We’re familiar with the value of digital analytics to understand how users interact with websites and digital services, but the data can also produce practical operational information which would be hard to get any other way.
We added Google Analytics custom tracking to the alerts and error messages shown to users in GOV.UK when they search for a local authority service. The aim was to be able to spot friction points in the journey and improve the user experience.
But there was a surprise in store - the alerts also give very specific insights into problems with the underlying data which we would not have picked up from other sources. Now we can prioritise maintenance of the data according to use. The data helps us improve the quality of service for more people at less cost.
There are pages on GOV.UK where you can use your postcode to look up the right place to find out about services offered by your local authority, for example: paying your Council Tax. The postcode is used to perform a lookup in a database of local authorities and services. The result should be a link to the specific page on the authority's website. If there's no link data, the system defaults to the authority's home page.
Postcode searches can cause usability problems. Even if the site deals with whether the code contains a space or not and auto-corrects common mistakes such as 'o' for '0' (GOV.UK does both), there will still be failures.
In this case we identified four types of failure:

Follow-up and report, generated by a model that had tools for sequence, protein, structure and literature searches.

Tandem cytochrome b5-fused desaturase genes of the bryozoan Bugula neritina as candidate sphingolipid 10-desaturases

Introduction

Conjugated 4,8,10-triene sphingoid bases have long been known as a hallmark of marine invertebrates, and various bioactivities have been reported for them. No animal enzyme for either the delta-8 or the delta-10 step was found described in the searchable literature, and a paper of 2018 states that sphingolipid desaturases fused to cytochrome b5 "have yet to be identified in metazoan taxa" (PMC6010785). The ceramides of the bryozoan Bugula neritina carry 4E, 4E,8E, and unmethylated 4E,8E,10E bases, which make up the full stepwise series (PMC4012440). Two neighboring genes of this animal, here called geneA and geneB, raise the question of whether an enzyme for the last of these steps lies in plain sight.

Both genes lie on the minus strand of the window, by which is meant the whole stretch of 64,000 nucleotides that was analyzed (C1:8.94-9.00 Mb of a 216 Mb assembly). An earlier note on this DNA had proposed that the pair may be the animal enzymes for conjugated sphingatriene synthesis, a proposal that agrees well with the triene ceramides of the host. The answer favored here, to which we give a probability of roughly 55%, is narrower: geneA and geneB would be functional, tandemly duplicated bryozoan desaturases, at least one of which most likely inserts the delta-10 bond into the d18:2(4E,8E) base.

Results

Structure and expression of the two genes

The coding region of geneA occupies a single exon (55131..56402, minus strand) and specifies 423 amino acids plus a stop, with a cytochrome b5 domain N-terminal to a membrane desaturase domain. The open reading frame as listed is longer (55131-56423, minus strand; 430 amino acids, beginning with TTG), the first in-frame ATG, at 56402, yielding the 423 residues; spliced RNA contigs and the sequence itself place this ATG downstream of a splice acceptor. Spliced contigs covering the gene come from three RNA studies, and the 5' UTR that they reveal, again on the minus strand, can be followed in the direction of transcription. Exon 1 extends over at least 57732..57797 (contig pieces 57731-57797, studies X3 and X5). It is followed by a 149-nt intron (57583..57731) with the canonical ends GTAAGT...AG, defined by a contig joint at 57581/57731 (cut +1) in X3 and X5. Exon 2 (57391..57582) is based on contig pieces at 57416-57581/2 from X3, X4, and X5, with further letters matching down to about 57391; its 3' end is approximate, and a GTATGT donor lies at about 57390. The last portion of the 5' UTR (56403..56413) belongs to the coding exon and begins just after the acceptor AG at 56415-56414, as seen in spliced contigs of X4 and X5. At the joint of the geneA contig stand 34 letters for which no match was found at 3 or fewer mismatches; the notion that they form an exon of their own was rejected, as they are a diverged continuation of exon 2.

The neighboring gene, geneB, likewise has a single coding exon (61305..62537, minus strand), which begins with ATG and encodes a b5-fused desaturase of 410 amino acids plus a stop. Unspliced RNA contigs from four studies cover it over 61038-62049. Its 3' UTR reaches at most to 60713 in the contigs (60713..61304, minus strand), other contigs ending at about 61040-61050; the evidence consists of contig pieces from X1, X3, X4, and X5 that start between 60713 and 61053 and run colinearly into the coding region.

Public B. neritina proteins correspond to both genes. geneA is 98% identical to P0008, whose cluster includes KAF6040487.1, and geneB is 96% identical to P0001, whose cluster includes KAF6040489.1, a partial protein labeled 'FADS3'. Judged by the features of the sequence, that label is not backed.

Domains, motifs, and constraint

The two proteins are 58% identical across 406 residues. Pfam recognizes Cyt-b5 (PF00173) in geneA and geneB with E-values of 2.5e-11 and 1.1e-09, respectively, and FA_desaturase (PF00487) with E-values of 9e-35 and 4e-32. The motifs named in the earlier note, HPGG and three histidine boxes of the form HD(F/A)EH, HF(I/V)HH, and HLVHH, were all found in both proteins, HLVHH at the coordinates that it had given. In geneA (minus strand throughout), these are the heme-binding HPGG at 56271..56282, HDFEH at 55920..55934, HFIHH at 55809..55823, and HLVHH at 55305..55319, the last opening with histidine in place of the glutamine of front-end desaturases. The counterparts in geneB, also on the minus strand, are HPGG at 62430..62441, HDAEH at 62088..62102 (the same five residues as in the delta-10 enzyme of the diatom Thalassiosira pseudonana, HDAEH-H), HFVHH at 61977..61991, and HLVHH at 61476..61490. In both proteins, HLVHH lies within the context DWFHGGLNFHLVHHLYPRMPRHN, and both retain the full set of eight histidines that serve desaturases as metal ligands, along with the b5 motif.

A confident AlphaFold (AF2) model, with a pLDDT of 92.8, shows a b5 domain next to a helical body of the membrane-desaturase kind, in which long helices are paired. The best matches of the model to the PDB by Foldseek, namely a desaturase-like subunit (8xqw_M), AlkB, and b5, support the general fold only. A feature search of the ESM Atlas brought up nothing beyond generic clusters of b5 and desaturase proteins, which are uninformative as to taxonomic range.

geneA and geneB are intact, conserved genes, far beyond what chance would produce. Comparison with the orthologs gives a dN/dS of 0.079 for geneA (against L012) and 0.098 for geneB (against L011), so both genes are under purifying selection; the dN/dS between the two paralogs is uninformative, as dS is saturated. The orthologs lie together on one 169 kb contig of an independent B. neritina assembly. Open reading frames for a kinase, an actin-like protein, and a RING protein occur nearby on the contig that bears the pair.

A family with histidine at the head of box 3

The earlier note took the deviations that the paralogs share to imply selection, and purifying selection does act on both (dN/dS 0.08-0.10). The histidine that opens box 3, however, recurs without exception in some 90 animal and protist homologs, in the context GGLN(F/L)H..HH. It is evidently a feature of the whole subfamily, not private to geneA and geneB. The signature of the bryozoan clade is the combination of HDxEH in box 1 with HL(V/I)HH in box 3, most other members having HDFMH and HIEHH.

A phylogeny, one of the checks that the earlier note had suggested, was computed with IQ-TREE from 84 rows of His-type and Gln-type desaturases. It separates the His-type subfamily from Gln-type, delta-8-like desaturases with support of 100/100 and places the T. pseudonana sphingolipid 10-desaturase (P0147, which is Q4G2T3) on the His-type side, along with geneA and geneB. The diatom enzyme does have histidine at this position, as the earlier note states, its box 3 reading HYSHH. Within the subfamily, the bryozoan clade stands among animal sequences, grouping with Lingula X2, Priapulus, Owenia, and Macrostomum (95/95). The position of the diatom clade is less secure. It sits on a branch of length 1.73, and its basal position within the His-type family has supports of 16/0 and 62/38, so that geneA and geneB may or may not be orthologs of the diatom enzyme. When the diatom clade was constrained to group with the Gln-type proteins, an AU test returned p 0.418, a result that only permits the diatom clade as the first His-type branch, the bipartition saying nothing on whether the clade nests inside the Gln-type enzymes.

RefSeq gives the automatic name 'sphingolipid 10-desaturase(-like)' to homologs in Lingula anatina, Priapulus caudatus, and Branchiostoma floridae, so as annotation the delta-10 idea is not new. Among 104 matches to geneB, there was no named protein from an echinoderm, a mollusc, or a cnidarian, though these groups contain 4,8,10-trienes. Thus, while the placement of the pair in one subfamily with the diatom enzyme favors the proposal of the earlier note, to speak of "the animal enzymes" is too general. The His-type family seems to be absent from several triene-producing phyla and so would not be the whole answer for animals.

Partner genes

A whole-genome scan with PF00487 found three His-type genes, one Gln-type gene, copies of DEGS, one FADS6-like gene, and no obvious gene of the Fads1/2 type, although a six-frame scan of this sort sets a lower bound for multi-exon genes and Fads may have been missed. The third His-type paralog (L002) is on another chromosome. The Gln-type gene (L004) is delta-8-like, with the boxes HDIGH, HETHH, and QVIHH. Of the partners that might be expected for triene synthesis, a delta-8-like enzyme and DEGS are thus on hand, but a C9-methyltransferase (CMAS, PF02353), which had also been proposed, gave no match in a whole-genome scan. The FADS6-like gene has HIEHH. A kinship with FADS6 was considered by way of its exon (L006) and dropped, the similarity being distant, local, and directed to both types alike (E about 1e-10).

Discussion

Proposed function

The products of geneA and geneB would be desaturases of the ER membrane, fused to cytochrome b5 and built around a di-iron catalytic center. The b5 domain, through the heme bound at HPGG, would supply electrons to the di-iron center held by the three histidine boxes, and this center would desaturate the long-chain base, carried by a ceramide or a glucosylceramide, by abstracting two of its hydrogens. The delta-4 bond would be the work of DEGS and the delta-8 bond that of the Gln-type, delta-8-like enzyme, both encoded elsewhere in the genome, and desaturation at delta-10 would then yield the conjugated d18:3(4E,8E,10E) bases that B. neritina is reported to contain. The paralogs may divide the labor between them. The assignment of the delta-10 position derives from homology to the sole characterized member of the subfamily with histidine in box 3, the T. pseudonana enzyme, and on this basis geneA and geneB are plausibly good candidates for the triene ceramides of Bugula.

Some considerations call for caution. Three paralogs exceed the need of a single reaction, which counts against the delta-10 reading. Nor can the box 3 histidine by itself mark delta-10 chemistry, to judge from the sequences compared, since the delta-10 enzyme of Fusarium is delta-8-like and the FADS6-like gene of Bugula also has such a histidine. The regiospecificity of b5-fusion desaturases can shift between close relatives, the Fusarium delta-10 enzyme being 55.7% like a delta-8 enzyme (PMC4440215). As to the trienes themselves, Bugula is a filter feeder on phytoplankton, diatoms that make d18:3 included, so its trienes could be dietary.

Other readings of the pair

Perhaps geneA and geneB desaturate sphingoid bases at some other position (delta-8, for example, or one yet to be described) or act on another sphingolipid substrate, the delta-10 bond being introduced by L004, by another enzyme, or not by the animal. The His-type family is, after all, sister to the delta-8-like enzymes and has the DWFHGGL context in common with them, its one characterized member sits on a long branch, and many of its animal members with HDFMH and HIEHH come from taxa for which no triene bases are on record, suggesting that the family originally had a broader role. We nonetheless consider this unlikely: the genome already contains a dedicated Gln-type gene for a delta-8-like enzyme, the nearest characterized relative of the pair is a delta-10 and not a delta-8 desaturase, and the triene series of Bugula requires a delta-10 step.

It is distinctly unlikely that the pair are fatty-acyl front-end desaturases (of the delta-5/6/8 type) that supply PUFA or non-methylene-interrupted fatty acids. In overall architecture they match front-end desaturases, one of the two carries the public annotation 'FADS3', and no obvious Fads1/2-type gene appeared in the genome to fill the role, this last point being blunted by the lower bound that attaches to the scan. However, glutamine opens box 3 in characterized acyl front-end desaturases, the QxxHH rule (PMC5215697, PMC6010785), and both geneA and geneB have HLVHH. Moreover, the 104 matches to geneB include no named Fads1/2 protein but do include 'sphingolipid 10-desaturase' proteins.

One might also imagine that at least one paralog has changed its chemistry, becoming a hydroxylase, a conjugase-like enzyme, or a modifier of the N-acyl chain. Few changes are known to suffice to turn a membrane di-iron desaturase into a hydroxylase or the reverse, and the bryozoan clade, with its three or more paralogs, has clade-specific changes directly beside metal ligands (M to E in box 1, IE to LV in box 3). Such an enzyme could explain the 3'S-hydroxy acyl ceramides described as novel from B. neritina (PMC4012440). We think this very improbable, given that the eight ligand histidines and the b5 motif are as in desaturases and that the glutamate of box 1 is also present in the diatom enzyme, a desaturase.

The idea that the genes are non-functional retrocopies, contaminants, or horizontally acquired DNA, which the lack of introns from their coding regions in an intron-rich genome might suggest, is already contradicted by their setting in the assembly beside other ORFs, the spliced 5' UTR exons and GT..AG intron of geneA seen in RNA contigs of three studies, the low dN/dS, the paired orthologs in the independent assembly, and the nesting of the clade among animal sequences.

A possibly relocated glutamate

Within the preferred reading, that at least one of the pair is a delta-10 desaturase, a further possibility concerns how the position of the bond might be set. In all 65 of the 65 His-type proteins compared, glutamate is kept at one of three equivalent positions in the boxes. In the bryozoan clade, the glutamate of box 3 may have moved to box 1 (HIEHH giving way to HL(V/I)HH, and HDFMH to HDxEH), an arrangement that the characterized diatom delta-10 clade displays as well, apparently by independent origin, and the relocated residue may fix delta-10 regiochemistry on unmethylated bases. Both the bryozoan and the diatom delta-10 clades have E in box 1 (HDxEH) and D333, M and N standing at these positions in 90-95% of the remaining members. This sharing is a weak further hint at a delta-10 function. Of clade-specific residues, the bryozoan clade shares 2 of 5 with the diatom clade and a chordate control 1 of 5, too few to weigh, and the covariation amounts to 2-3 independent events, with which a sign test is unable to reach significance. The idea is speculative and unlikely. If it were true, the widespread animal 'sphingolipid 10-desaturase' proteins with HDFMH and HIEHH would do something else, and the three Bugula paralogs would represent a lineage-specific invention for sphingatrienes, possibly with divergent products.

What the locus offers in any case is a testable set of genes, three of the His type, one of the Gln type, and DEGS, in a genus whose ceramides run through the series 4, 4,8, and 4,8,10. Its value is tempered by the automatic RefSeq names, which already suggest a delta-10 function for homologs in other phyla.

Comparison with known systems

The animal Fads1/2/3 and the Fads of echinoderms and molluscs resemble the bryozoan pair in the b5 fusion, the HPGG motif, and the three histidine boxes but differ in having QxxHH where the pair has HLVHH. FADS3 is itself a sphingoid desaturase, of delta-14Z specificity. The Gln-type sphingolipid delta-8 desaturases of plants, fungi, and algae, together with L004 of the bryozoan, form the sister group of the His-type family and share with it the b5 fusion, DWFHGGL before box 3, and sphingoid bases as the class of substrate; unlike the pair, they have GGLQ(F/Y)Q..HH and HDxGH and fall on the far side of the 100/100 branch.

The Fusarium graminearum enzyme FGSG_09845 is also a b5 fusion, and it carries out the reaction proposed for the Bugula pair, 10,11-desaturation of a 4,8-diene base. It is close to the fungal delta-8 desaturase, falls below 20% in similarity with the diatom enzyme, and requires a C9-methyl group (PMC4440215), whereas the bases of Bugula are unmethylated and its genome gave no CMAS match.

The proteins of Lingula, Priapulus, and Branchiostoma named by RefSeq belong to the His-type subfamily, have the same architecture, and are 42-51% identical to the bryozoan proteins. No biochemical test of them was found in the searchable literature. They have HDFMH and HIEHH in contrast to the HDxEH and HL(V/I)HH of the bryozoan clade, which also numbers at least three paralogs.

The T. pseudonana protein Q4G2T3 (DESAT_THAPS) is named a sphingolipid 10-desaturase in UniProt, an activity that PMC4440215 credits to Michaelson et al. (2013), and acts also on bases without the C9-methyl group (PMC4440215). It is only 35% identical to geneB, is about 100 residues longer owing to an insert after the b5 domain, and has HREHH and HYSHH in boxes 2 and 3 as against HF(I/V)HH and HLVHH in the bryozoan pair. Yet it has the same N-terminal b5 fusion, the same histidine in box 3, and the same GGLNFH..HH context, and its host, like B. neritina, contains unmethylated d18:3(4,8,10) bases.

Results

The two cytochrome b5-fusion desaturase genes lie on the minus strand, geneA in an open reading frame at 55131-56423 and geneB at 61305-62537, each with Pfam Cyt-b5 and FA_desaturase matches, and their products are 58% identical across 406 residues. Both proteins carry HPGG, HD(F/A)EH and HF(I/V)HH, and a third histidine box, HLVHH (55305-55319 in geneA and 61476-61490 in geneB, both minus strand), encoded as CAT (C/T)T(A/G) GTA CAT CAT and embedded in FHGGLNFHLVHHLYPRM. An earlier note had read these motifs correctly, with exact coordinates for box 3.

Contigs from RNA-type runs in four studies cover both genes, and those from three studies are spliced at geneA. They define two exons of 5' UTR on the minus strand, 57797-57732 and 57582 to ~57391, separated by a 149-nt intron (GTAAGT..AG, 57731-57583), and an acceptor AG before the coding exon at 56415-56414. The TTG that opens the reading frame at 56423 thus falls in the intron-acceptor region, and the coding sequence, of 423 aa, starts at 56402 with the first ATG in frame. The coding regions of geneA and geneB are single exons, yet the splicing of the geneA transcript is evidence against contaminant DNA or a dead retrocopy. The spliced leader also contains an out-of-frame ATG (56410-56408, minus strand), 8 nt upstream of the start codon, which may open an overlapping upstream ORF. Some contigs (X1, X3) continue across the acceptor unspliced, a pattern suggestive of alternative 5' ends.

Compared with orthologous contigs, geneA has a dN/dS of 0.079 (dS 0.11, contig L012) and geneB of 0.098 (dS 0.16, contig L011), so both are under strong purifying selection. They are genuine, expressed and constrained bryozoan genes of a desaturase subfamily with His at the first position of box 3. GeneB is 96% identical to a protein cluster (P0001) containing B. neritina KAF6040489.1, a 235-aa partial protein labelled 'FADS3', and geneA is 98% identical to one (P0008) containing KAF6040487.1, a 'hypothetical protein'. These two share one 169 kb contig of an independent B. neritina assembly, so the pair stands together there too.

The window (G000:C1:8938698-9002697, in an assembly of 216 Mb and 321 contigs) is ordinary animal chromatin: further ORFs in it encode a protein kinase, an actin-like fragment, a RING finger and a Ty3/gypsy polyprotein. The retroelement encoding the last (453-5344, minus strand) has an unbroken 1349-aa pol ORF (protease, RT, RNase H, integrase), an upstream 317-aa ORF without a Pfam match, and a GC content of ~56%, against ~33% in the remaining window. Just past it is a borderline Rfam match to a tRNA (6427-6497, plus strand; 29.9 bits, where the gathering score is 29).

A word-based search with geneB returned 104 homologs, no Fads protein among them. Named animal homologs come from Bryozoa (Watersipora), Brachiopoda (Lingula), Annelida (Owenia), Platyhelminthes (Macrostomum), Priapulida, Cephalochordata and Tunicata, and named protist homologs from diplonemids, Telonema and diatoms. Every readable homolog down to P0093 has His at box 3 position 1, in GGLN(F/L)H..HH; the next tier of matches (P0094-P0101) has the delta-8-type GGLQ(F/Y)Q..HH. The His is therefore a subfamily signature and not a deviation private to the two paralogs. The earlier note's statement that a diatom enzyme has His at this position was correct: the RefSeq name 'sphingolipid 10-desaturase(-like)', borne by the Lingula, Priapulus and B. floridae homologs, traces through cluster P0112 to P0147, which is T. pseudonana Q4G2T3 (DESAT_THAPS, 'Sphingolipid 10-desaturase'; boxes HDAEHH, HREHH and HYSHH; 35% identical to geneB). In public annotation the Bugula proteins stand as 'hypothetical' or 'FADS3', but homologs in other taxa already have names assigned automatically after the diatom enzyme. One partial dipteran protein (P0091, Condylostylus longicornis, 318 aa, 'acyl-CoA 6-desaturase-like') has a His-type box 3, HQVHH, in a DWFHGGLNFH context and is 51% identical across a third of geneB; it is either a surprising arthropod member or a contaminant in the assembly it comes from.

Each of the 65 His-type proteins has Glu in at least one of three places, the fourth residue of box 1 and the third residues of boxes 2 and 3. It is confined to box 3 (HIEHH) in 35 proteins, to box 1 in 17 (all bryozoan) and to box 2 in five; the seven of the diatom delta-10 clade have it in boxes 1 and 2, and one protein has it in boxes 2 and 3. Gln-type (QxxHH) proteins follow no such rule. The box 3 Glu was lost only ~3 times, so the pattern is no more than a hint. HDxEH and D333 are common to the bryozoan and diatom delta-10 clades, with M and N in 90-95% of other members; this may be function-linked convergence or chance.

- The postcode has been entered in an incorrect format which has got past the autocorrection
- The format is correct but that postcode is not in the database (perhaps it's a new address)
- The postcode has been verified but cannot be matched to a local authority in the database
- The postcode has been matched to a local authority, but there is no link to the relevant service in the database
The first two alerts trigger the same error message, the other two produce different messages. But since none of these failures involve loading a new page they are not visible in Google Analytics (GA) using basic pageview tracking.
So we had no idea how many people were having problems, let alone which types of look-up failures were causing most problems.
What we did
We added GA Event Tracking to record which of the four failure types is involved each time a user sees an alert.
- We use 'Event Category' to identify that these are user alerts within a specific section of the site.
- The 'Event Action' records which of the four error states has caused the alert.
- The actual message text shown is recorded in the 'Event Label' so that we can experiment with different wording.
GA automatically stores the page on which the event was sent so we do not need to explicitly track that.
What we found out
As soon as the tracking went live we got our first insights. For the first time we had data to show what was causing most trouble for users.
We had wondered if the quality of the postcode data would be a major issue, because we knew the database was out of date and deserved attention. User feedback showed plenty of complaints about the system not being able to find postcodes for new buildings. But that turned out not to be a problem affecting many users. (Useful reminder: always cross-check feedback complaints with other data to confirm how many people might be affected.)